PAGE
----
China alleges ‘political manipulation’ as G7 leaders discuss BRI alternative

12:15 AM | 15 Jun, 2021
China alleges ‘political manipulation’ as G7 leaders discuss BRI alternative
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As part of efforts to compete with archrival China, G7 leaders have adopted a plan to support lower and middle-income countries in building better infrastructure.

Speaking at the summit of G7 countries, US President Joe Biden said he wanted the US-backed Build Back Better World (B3W) plan to be a higher-quality alternative to a similar Chinese programme.

China's Belt and Road Initiative (BRI) has helped finance trains, roads and ports in many countries. However, it has been criticised for saddling some with debt.

In a statement at their summit in the English county of Cornwall, G7 leaders said they would offer a "values-driven, high-standard and transparent" partnership.

However, details of how the G7 plan will be financed remain unclear. German Chancellor Angela Merkel said the group was not yet at a stage to release financing for its initiative.

The United States has been particularly critical of China's so-called "debt diplomacy".

The G7, seven wealthiest democracies of the world, have also committed to a new plan to stop future pandemics.

The measures include cutting the time needed to develop and licence vaccines and treatments for Covid-19 to under 100 days. The plan will be officially unveiled on Sunday, alongside the final summit communique.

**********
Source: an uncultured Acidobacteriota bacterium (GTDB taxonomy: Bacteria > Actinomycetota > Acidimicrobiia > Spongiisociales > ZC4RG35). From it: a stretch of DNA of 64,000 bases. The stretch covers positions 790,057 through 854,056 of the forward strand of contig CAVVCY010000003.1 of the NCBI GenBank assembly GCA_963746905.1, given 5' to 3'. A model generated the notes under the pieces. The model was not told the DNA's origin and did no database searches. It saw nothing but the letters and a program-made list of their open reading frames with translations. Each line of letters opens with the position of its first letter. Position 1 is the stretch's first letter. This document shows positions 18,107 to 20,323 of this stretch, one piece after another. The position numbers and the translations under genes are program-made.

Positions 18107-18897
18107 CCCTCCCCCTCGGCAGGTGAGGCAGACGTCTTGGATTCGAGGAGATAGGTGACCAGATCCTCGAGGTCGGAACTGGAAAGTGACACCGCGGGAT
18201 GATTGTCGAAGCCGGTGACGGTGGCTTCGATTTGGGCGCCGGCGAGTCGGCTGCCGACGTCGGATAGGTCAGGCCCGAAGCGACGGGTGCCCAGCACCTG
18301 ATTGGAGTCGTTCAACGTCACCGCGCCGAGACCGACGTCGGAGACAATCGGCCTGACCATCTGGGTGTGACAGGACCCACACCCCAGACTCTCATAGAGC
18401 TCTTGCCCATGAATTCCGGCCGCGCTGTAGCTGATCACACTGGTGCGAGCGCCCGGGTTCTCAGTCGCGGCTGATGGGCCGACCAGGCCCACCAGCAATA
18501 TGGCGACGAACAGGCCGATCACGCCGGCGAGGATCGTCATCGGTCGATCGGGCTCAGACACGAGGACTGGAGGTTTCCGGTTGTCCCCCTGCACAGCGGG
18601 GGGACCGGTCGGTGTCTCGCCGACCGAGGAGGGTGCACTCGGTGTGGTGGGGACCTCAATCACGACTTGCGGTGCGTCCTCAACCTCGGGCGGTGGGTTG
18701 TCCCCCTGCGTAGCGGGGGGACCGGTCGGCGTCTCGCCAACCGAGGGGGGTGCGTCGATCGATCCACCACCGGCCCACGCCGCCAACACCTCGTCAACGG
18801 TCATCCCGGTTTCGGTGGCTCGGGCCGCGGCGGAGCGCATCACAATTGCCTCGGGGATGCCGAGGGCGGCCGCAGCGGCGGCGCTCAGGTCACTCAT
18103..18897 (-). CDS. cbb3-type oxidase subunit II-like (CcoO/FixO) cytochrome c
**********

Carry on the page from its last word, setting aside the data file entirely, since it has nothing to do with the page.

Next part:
British Prime Minister Boris Johnson is hosting the three-day gathering at the seaside resort of Carbis Bay.

On the other hand, China has accused the G7 of "political manipulation".

In a joint statement at the end of a three-day summit, leaders of the G7 countries urged China to "respect human rights and fundamental freedoms". China's embassy in the UK accused the G7 of "baseless accusations".

"Stop slandering China, stop interfering in China's internal affairs, and stop harming China's interests," a spokesman said on Monday.

The G7 group, made up of Canada, France, Germany, Italy, Japan, the UK and the US, called on China to respect human rights in Xinjiang, a northwestern region that is home to the Uyghurs and other Muslim minorities.

US President Joe Biden said he was "satisfied" with the statement's language on China.

But the Chinese embassy in the UK opposed the mentions of Xinjiang, Hong Kong and Taiwan, which it said distorted the facts and exposed the "sinister intentions of a few countries such as the United States".

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